MR. BOUCHER: We have seen the reports of an American citizen being held hostage in Iraq. TV has video. A family member of the U.S. citizen contacted the U.S. Embassy in Amman, Jordan, after seeing the Al-Arabiya broadcast showing the U.S. citizen being held hostage. So we certainly know -- believe him to be a U.S. citizen.
The U.S. Embassy in Amman and U.S. Consular Officer in Baghdad are working to ascertain the welfare and whereabouts of this U.S. citizens. Beyond that, we don't have a Privacy Act waiver so I can't go into any more detail.
QUESTION: But you are confirming that he is a U.S. citizen?
MR. BOUCHER: We are confirming that he's -- as best we know, he is a U.S. citizen and that we have been in touch with a family member.
QUESTION: Back to the abuse charges, first.
QUESTION: Can I just follow up on Teri's question quickly? Do you have anything on whether he did, in fact, work for the Pentagon?
MR. BOUCHER: I don't have any Privacy Act waiver. I wouldn't be able to tell you his employer.
QUESTION: On that. Okay.
MR. BOUCHER: Yeah.
QUESTION: After you -- you mentioned this very briefly yesterday, but following that your Embassy in Cairo has put out a rather damning statement regarding photographs published in at least three Egyptian newspapers that purportedly showed abuse, sexual abuse, of prisoners.
The Embassy statement says that it has, after exhaustive research -- and I presume that they found a -- that these pictures were taken from a pornographic website. And I'm just wondering if you've uncovered any other instances of this in the Arab press and whether your demands, which I presume are coming from Washington, as well as the Embassy in Cairo, for retractions and corrections to be issued by these newspapers, if you have any reason to believe that you will get what you are looking for.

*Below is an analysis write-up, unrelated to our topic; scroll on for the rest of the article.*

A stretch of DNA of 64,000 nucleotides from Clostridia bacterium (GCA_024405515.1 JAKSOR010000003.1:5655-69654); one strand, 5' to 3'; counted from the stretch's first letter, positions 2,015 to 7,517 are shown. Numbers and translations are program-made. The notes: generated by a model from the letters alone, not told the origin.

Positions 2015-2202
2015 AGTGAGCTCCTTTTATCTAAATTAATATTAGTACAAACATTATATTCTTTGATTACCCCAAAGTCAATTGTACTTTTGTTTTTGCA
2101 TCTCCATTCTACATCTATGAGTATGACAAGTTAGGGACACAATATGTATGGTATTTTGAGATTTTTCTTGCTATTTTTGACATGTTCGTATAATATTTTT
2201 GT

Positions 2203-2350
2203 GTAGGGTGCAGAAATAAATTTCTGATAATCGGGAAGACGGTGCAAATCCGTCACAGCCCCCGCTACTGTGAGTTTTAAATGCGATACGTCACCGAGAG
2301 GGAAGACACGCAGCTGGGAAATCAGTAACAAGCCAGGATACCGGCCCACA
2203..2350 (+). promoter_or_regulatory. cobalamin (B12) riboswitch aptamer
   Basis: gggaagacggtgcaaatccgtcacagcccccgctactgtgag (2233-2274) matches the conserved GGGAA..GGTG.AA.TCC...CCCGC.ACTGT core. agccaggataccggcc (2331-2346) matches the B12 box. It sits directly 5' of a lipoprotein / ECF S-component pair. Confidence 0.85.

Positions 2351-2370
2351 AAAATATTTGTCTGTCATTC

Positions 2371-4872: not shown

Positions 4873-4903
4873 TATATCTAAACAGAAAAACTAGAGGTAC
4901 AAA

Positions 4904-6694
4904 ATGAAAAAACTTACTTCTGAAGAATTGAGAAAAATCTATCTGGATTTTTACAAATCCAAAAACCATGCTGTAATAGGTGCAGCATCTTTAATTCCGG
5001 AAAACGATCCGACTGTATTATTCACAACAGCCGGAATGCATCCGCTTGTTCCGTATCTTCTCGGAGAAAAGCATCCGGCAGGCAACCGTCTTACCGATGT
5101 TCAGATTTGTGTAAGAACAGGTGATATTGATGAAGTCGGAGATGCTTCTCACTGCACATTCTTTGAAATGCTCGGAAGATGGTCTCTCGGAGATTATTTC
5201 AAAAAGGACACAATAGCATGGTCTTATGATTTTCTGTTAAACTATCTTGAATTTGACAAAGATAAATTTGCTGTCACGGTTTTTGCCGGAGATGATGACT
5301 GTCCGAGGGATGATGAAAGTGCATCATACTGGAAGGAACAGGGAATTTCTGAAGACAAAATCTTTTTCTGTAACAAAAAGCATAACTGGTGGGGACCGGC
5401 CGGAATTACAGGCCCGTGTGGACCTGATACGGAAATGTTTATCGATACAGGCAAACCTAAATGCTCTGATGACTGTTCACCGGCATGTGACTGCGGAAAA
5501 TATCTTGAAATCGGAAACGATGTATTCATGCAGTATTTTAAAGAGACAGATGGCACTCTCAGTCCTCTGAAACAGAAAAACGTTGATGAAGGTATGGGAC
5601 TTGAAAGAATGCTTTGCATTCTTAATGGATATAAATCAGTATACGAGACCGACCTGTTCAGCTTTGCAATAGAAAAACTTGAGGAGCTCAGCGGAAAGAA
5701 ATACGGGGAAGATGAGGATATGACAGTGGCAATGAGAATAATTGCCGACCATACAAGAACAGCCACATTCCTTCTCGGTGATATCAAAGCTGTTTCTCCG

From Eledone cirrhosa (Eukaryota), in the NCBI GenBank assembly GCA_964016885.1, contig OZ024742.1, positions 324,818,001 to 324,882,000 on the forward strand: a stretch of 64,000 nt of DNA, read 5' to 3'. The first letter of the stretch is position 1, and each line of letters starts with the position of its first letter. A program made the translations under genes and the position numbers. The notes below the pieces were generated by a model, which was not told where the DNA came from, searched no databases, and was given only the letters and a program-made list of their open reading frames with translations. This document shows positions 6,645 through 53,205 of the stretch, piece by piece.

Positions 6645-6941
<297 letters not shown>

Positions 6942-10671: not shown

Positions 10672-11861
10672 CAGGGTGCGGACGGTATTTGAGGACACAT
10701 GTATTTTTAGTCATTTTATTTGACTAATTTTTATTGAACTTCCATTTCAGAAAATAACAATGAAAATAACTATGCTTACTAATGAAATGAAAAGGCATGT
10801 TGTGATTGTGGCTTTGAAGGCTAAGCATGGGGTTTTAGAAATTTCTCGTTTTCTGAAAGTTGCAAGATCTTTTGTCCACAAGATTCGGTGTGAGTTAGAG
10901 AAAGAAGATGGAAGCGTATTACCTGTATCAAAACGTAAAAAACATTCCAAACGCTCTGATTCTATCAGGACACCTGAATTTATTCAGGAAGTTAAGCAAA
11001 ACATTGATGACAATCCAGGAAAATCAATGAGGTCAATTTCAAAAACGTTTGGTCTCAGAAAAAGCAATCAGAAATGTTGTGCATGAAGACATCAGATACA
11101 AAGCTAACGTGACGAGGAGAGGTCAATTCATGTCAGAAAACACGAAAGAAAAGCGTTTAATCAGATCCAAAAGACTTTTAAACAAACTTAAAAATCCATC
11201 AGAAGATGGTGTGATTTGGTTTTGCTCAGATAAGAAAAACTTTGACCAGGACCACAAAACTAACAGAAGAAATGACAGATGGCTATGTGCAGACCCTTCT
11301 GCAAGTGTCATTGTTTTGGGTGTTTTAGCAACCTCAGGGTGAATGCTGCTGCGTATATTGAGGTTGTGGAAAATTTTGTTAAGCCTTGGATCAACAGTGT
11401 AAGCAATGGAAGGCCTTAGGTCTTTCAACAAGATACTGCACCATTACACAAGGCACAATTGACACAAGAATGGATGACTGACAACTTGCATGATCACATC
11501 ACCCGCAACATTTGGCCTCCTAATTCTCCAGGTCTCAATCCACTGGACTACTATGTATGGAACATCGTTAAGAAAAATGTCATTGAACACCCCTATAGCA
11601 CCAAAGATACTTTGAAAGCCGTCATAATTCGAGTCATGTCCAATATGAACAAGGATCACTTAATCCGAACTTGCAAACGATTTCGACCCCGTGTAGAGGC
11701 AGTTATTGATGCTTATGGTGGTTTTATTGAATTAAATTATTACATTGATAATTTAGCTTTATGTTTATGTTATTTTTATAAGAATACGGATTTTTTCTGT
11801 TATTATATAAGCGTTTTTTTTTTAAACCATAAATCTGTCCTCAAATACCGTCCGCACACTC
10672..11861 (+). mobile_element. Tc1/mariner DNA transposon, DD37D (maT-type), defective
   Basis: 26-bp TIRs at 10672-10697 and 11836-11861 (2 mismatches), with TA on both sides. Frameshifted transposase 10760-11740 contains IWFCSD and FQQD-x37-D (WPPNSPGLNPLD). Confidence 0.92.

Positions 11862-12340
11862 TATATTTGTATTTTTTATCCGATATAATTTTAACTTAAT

MR. BOUCHER: This is the only instance that has been brought to my attention at this point. I'm sure other embassies are following what's being reported. And certainly, the Embassy Cairo's efforts in this matter are fully supported by Washington. But that's --
QUESTION: Oh, I'm not suggesting that they are not.
MR. BOUCHER: No, but the demands for retractions and other things being handled out in the field, we fully support them. I don't have any particular estimate on what the publishers may do.
QUESTION: So they haven't gotten back to you, as far as you know?
MR. BOUCHER: I don't have any information on what the publishers may do.
QUESTION: Okay. And does this kind of thing just add to your very public concerns about what's been broadcast on -- over the airwaves in some of the Arabic -- Arab media? Does this just -- what does this do to your confidence and the professionalism of at least some members of the Arab press?
MR. BOUCHER: I don't want to make sweeping judgments. There are individual outlets, individual papers that might be faking things, but we all know that there's a lot of real bad news out there.
QUESTION: Well, you have seen the statement from the Embassy, I presume --
MR. BOUCHER: Yeah.
QUESTION: -- which accuses these three newspapers of professional -- you know, being completely unprofessional?
MR. BOUCHER: Yes, yes. And that's why I'm saying there may be individual outlets and media or papers that have done things that are unprofessional, but I'm not going to stand up here and make sweeping judgments about reporting in this part of the world.